Also in the mailbox: the new journal Practice: New Art + Writing. You really have to look into this. If you send your address to info@practicejournal.com, the editors will mail you a free first issue. Practice publishes "poetry, fiction, nonfiction, art, and photography, as well as work that defies these genres." See their site for the full list of contributors to Issue One (including poets Janet Holmes, Cole Swensen, Graham Foust, Dan Beachy-Quick, Aaron McCollough, Rod Smith, Susan Tichy, G.C. Waldrep, and visual artists Anne Wilson, Paula McCartney, Karen Barbour) and to read about the goals of Practice Press (one of which is to provide "significant financial assistance annually to writers and artists"). Practice is currently reading for issue Two. And get this: each contributor is paid $200, plus 5 copies, and "fine loose-leaf tea." Oh yeah, simultaneous submissions are okay, and did I mention that the magazine is gorgeous?

If you're in the NYC area, The Bedside Guide to No Tell Motel release party is today, Saturday, 2 pm, at the Frequency Series at the Four Faced Liar. And one final evening of inappropriate exploration happens tonight at the Flarf Festival, 8 pm, details here. The launch for Magazine Cypress 4, with readings by Brenda Iijima, Drew Gardner, Karen Weiser, and Matvel Yankelevich, is tomorrow at the Bowery Poetry Club, 5:30 pm.
On Wednesday I'll begin posting some responses to the age-old question: How has your first book changed your life?

 

20 APRIL 06
[National Poetry Month observed]

Erín Moure, from the essay And Poetry/:


And method? If anything, a kind of accretion. Sounds attract feelings and aches, and vice versa. Sounds and words attract each other, and ideas, and worries. And dreams. And the thread of remembrance knitting the self over again, it's preposterous, it's hard to keep up with, do justice to, keep track of....

As well, to me there's a relationship between physical processes, presence, and voice that is articulated only in relation to, that is constituted only in relation to other beings. Those links we have to each other, so well buried by the social constraints built into our speaking and perception, I'm more interested in the links, the movement of those linkages, than in "objects" or "conclusions" at either end. If you damage or conceal the links (as we do in damaging the earth or in underfunding AIDS hospices and medication), what are the consequences for the individual? I believe they are grave.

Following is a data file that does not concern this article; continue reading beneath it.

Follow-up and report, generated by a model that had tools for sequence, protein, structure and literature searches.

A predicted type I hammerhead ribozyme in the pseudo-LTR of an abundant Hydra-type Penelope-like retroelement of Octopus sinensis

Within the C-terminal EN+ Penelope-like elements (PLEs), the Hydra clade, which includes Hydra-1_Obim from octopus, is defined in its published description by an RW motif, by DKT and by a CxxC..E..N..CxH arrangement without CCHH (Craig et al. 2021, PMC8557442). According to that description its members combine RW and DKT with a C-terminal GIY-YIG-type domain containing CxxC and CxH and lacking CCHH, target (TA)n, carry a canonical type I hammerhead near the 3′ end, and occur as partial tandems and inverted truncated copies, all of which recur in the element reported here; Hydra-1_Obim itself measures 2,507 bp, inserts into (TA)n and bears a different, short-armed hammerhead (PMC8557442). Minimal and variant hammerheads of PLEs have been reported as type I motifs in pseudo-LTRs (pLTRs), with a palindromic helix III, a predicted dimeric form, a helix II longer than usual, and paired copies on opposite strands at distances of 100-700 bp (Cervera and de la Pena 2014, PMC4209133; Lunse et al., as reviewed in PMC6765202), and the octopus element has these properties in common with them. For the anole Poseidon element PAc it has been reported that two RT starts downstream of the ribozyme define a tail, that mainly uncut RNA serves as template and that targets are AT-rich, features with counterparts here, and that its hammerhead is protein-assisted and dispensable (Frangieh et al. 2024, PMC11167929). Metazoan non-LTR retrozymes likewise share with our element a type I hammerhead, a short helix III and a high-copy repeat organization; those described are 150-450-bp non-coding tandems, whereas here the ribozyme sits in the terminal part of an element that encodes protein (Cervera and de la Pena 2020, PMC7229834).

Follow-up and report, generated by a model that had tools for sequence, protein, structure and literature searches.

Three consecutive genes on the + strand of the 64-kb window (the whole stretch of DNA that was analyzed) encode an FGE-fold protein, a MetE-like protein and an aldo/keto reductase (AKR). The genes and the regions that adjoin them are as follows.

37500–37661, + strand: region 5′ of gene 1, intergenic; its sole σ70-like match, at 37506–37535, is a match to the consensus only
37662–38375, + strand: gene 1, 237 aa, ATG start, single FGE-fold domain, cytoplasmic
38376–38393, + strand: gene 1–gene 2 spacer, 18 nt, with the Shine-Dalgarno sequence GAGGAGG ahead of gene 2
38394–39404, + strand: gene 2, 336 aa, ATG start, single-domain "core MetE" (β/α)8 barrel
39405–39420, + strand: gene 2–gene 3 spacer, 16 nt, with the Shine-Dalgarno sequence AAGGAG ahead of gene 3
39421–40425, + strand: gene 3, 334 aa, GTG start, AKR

The structure of the poem? To me, absolute structure is motion. Structure as motion. Being is always in excess of this structure. Remains while the motion is, already past this place. Shock of that. Here we are. The body requires motion for memory. To explain context. Memory being only a part of the construct of a present context: that is, "the plausible." The brain puts forward plausibilities by selecting neural paths we have previously traveled. At the same time, the paths themselves "murmur," sign to each other. The paths alter themselves....

I believe also "poetry is a limitless genre; its borders are only in ourselves and can be moved, in our lifetimes, if we dare to."


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18 APRIL 06
[National Poetry Month observed]

from obedience by kari edwards:


I watch
humanity approaches
I want to criticize
instead I criticize
the book on the table
on the size of the book on the table
on the operations in the book on the table
on the growing index in the book on the table
I call it a table
call it a position
timbre
discipline
theories
requirements in style
manner and procedure
call it gross plagiarism
call it lack of spiritual integrity
call it blows against life
so powerful
so furious
so blood thirsty
call it whatever
call it
tears in a clairvoyant downpour
a gasoline rainbow
a sophist who mistakes
touch for a dream
a dream for an infection
curvature of space for an optical
illusion


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16 APRIL 06
[National Poetry Month observed]

Emily Dickinson:  341


After great pain, a formal feeling comes—
The Nerves sit ceremonious, like Tombs—
The stiff Heart questions was it He, that bore,
And Yesterday, or Centuries before?

The Feet, mechanical, go round—
Of Ground, or Air, or Ought—
A Wooden way
Regardless grown,
A Quartz contentment, like a stone—

This is the Hour of Lead—
Remembered, if outlived,
As Freezing persons, recollect the Snow—
First—Chill—then Stupor—then the letting go—